Oct. 17, 2018

Zero-down loan program aims to expand mortgage access

MIAMI – Oct. 16, 2018 – A new effort is underway to raise the low homeownership rate among underserved groups of homebuyers.

The Neighborhood Assistance Corp. of America (NACA) is hosting several events across the country to help borrowers with low credit scores apply for 15- or 30-year mortgages with cheaper interest rates. One recent event in Miami drew thousands looking for a chance to get a no-downpayment, low-interest-rate mortgage. NACA officials say more than 10,000 potential borrowers have attended various NACA events in cities such as Charlotte, N.C., and Atlanta.

"The low rate of homeownership and number of mortgages for low- and moderate-income people, and for minority home buyers, is a national disgrace," NACA CEO Bruce Marks told CNBC. "There have been zero foreclosures among the loans that we've originated in the past six years." Bank of America is backing the NACA program with $10 billion in mortgage commitments.

To qualify, borrowers must go through an education session about the program, as well as counseling for budget planning, to make sure they can afford a mortgage payment. They also must submit all necessary documents, including income statements and phone bills.

The program serves only those who are buying a primary residence, not an investment property. The loans for 15- or 30-year fixed-rate mortgages are below market, at around 4.5 percent.

"That's what's going to help people who've been locked out of homeownership really become homeowners and build wealth," Marks told CNBC.

However, critics of the program worry that loans with a no-downpayment requirement could carry too much risk.But program officials say buyers have "skin in the game in a real way," meaning it's their home and an investment for their family.

"We have seen significant wins in this partnership," A.J. Barkley, senior vice president of consumer lending at Bank of America, said. "Just to be clear, when we get those loans with all the heavy lifting here, we're over a 90 percent approval, meaning we actually underwrite the loans for 90 percent of the people who go through this program."

Source: "Thousands Line Up for Zero-Down Payment, Subprime Mortgages," CNBC (Oct. 12, 2018)

© Copyright 2018 INFORMATION INC., Bethesda, MD (301) 215-4688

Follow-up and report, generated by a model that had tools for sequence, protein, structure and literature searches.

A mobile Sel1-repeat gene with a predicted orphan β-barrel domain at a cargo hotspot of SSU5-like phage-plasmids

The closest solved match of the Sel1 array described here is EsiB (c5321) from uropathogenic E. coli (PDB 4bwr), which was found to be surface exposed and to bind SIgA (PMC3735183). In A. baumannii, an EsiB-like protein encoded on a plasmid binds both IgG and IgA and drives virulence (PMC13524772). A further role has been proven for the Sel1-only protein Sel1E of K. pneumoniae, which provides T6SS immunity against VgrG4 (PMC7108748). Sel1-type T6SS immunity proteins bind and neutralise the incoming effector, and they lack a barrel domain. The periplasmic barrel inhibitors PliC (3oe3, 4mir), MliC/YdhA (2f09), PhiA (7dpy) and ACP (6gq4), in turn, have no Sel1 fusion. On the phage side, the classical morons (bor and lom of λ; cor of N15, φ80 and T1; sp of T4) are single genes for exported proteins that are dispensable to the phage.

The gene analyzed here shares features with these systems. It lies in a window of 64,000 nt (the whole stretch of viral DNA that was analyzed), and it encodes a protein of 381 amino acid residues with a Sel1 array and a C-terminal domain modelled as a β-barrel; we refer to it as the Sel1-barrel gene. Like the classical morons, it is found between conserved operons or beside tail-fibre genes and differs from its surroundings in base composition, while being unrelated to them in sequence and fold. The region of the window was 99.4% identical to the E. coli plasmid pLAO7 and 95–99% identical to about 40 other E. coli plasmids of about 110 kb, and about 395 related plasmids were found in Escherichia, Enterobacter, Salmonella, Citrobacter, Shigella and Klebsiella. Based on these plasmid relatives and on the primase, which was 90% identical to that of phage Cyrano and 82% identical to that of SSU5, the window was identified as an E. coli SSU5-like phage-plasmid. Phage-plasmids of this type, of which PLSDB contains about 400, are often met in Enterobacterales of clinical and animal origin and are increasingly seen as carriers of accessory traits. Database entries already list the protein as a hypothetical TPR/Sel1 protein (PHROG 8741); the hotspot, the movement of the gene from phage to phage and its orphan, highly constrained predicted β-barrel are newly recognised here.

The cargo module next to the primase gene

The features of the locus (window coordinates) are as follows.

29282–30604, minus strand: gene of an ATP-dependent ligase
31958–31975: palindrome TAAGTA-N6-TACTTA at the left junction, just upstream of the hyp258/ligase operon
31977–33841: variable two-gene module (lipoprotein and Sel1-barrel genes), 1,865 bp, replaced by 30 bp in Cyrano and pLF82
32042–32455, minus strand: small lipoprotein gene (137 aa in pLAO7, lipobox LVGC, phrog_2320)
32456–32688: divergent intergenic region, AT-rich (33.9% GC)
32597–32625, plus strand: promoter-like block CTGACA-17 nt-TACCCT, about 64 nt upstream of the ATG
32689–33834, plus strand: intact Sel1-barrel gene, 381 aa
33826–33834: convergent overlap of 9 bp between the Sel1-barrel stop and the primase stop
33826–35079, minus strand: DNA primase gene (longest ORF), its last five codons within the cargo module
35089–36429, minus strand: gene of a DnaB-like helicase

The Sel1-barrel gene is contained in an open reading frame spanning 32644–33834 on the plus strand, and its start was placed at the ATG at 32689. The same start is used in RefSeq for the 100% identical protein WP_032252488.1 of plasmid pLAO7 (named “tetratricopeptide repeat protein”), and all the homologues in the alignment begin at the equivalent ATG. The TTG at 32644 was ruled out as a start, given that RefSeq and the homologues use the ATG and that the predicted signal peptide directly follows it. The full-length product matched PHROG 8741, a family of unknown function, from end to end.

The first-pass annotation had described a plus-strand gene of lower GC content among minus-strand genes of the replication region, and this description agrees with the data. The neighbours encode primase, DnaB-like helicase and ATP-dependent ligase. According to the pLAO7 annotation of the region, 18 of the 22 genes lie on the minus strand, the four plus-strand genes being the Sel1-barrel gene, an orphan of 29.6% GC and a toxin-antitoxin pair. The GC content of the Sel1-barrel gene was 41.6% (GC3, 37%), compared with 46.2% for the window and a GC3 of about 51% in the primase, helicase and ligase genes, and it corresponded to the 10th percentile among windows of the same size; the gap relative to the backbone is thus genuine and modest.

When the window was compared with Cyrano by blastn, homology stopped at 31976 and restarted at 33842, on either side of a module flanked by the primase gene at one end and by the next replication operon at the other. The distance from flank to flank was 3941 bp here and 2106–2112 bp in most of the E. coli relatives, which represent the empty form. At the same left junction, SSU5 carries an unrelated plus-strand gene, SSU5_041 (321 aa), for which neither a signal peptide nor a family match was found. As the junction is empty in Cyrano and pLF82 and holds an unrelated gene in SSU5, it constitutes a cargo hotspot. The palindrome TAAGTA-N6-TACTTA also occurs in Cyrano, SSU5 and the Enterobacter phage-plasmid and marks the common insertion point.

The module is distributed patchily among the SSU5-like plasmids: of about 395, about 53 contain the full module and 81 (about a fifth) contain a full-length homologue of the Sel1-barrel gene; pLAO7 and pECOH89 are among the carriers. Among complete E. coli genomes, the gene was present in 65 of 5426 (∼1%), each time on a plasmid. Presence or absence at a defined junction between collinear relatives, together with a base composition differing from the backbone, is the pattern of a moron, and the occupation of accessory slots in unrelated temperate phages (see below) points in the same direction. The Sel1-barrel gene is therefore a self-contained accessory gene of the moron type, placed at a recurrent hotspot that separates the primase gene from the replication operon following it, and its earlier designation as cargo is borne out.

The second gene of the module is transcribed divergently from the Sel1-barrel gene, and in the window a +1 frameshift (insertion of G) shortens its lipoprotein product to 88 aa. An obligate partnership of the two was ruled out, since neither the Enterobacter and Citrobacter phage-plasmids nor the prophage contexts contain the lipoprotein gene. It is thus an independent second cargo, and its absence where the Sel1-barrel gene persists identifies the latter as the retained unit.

Oct. 12, 2018

Mortgage rates hit 7-year highs – 30-year at 4.9%

WASHINGTON (AP) – Oct. 11, 2018 – Long-term U.S. mortgage rates leaped this week to their highest levels in seven years amid global anxiety over rising interest rates that has gripped financial markets.

Costs for would-be homebuyers are climbing. Mortgage buyer Freddie Mac said Thursday the rate on 30-year, fixed-rate mortgages jumped to an average 4.90 percent this week from 4.71 percent last week. That's the highest level for the benchmark rate since April 2011. A year ago, it stood at 3.91 percent.

The average rate on 15-year, fixed-rate loans rose to 4.29 percent this week from 4.15 percent last week.

The Federal Reserve recently signaled its confidence in the economy by raising a key interest rate for a third time this year. It was the central bank's third increase in short-term interest rates this year, with one more expected before year's end. Strong economic data and a positive outlook from Fed officials have spurred a sell-off in U.S. Treasury bonds, especially longer-term bonds, stoking concerns over even higher interest rates.

As anxiety over higher rates spiraled, financial markets around the world suffered a massive sell-off. U.S. stocks marked their biggest drop since February on Wednesday, as the Dow Jones industrial average slid 831 points. Stocks sank again on Wall Street on Thursday morning.

President Donald Trump stepped in to assert that the Fed "is making a mistake" with its rate increases and accused the central bank of having "gone crazy."

Interest rates on Treasury bonds have climbed to the highest levels in seven years as their prices have dropped. The yield on the key 10-year Treasury note, which tends to influence mortgage rates, was at 3.16 percent Thursday morning.

To calculate average mortgage rates, Freddie Mac surveys lenders across the country between Monday and Wednesday each week.

The average doesn't include extra fees, known as points, which most borrowers must pay to get the lowest rates.

The average fee on 30-year fixed-rate mortgages rose to 0.5 point from 0.4 point last week. The fee on 15-year mortgages also increased to 0.5 point from 0.4 point.

The average rate for five-year adjustable-rate mortgages jumped to 4.07 percent from 4.01 percent last week. The fee was unchanged at 0.3 point.

Posted in National News
Oct. 11, 2018

First comes a home, then (maybe) love and marriage

CHARLOTTE, N.C. – Oct 10, 2018 – Millennials are straying from the norm. A new survey finds that 23- to 40-year-olds value homeownership above almost everything all else, with 72 percent of millennials saying that homeownership is a top priority.

While marriage and children have historically been considered stepping stones leading to homeownership, millennials have changed the formula: Only "being able to retire" (80 percent) beat homeownership (72 percent) as a millennial desire. Getting married (50 percent) and having children (44 percent) lagged.

In addition, many millennials equate homeownership with personal (53 percent) and financial (45 percent) success. Prospective millennial buyers also associate the purchase of a home with being mature (47 percent), acting like an adult (47 percent), and feeling independent (36 percent).

"Younger generations tell us that owning a home has become a milestone that defines their success, and it's promising to see them aspiring to homeownership," says D. Steve Boland, head of Consumer Lending at Bank of America.

The findings are from the latest Bank of America Homebuyer Insights Report, which explores the attitudes, preferences and behaviors of the modern homebuyer. For the first time, the survey also took a closer look at current renters who plan to someday own a home.

Renter's reservations: a reality check on common homebuying myths